The Bikin' Fools

where are we going?

It was an auspicious start to the month of February. It is the birthday month for Eric and this day was the new moon.

"Where are we going?"

"Dunno, how about going out the county line to Pine Flats"

"Sounds good."

"What about the car shuffle?"

"If we drop past Ingles Bluff, we could ride back to town."

There was some lack of determined purpose in the choice of this ride. So when Jim Korte showed up for the event further discussion followed. All three riders wanted to go on an epic event. Navigation Specialist Shawn Seidel seamlessly constructed an alternative that would provide a sensational day for the bikin' fools. The plan would require a car shuffle, but a minor one. It would encompass some of the best of the known territory and would include an exciting new option.

The three piled into Eric’s Toyota truck and drove to the alternate parking at RLS. On the south side of the park, they poached the access road and proceeded towards Table Rock. This would avoid the ‘hot’ area of the Livermore property. A recent bust had put the riders on notice that the main drag through Montesol was not a good idea. The Girl Scout loop was now in code yellow status pending further permission from the powers that control that access to the back country.

The weather was in the high-perfect range. Recent atmospheric funk had been blown out of the sky with cold, clear northerly winds. The air was chilly and the wind was brisk on the ridge above the Napa Valley. The visibility was CAVU (Clear Above Visibility Unlimited). The riders proceeded up the challenging climbs along the ridge then dropped into the very technically challenging area before the Wild Lilac Trail. The giant steps at the bottom provided a wild ride for Jim and Shawn. All made it to the bottom without dings or broken bikes.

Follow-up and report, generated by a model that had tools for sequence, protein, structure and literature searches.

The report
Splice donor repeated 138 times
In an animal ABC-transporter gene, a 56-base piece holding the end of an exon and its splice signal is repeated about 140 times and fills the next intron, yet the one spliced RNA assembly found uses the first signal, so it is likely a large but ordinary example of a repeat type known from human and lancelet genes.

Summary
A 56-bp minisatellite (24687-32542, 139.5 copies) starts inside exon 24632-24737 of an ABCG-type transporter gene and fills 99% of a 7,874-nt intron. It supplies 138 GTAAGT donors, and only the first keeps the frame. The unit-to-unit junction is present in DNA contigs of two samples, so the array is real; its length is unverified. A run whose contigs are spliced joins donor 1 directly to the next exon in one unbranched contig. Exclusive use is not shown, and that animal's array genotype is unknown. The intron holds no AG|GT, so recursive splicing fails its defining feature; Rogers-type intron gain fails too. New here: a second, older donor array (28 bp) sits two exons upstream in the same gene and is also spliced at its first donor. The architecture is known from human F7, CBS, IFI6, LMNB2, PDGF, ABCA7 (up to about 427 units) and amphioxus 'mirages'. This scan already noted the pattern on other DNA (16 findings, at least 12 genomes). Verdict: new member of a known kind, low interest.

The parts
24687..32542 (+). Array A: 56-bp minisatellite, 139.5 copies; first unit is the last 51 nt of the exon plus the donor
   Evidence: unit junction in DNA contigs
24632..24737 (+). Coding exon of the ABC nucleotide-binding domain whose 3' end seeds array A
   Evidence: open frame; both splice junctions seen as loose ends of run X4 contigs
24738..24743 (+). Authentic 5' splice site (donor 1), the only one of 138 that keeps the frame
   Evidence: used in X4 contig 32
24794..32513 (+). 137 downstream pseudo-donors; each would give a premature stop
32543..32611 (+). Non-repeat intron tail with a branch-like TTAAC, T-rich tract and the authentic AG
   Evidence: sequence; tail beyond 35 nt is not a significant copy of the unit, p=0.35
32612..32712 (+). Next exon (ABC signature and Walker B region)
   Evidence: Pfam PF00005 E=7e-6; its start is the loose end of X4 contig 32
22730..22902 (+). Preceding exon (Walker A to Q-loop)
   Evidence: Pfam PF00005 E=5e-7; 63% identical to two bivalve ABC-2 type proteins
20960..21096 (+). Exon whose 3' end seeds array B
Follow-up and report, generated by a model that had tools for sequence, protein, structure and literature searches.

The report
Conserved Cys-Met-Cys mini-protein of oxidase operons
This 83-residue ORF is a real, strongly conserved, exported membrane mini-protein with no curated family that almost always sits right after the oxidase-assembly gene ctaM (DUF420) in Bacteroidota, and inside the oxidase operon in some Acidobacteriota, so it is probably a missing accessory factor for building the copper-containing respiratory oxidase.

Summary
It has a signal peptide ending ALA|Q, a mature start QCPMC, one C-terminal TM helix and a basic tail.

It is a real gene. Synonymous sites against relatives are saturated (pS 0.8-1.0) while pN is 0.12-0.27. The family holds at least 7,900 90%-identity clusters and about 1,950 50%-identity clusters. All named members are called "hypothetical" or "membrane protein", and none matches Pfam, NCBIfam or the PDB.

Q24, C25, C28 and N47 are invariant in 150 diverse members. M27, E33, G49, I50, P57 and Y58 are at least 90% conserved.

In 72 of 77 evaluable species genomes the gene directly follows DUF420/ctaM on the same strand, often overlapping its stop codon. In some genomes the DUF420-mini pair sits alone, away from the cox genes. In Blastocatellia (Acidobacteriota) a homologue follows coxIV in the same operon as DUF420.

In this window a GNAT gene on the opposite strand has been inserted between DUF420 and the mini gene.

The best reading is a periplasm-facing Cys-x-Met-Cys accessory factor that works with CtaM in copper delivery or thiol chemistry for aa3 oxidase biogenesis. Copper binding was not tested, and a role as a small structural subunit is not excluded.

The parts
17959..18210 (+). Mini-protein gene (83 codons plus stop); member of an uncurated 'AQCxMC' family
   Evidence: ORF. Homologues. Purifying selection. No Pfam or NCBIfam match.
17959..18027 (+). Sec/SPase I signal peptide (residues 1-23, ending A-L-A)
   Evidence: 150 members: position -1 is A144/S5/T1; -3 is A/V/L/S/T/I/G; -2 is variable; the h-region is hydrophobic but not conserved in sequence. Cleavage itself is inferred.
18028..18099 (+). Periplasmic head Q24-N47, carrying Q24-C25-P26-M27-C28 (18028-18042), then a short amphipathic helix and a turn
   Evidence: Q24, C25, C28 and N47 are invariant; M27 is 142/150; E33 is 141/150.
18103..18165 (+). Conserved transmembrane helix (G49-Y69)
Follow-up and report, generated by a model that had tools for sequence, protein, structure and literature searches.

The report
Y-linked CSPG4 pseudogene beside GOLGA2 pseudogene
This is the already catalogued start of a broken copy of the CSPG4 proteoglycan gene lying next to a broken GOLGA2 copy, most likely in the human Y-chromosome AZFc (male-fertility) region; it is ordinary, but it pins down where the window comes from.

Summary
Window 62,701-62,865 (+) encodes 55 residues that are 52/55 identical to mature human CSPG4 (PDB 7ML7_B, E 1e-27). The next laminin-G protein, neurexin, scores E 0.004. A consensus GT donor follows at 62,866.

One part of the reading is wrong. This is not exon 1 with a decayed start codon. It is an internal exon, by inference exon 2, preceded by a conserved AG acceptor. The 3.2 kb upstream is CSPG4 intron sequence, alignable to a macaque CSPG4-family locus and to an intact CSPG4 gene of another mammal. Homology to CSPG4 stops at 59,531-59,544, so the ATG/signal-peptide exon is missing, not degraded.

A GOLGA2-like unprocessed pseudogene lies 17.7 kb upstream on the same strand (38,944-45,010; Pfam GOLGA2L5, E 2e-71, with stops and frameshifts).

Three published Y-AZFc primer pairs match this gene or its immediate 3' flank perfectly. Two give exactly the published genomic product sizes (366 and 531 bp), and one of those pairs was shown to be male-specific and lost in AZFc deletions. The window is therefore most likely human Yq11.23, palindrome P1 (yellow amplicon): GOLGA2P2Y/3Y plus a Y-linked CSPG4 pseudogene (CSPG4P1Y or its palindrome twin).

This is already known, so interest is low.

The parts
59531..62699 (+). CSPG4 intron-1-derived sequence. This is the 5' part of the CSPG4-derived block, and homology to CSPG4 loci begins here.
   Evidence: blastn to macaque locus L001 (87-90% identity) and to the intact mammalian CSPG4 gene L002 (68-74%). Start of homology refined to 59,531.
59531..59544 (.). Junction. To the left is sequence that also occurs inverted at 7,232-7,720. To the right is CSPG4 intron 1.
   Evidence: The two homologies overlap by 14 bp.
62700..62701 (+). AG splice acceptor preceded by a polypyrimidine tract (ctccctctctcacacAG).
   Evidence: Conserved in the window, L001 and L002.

Once on the Wild Lilac Trail, the vista opened significantly. The sparkling, clear air allowed unrestricted views all the way to the ocean. The trail was soft and partially rideable. Several sections of hike-a-bike put the riders at the top of the pass. The descent was quick and easy, part riding and part hiking. Both Jim and Shawn were able to ride the last death defying drop to Van Ness Creek where the jeep road departs for Bear Valley.

Shortly up the road, a fallen branch blocked the way. Shawn was in the lead and cautioned Jim and Eric to be careful crossing the obstacle. This didn’t make any sense. There was nothing apparently dangerous. But upon close inspection, the three riders viewed a scene that made the day. Tens of thousands of Lady Bugs festooned the branch. They covered the foliage in thick mats. They were engaged in an orgy of springtime fertility. They freely mated with others and hung out in a festival of life. It was a daunting, beautiful sight. The scene stood in stark contrast to the vile and life destroying actions of humankind. The message "Make Love Not War" was stunningly impressed upon the bikin' fools. These small creatures spoke great volumes of a higher existence.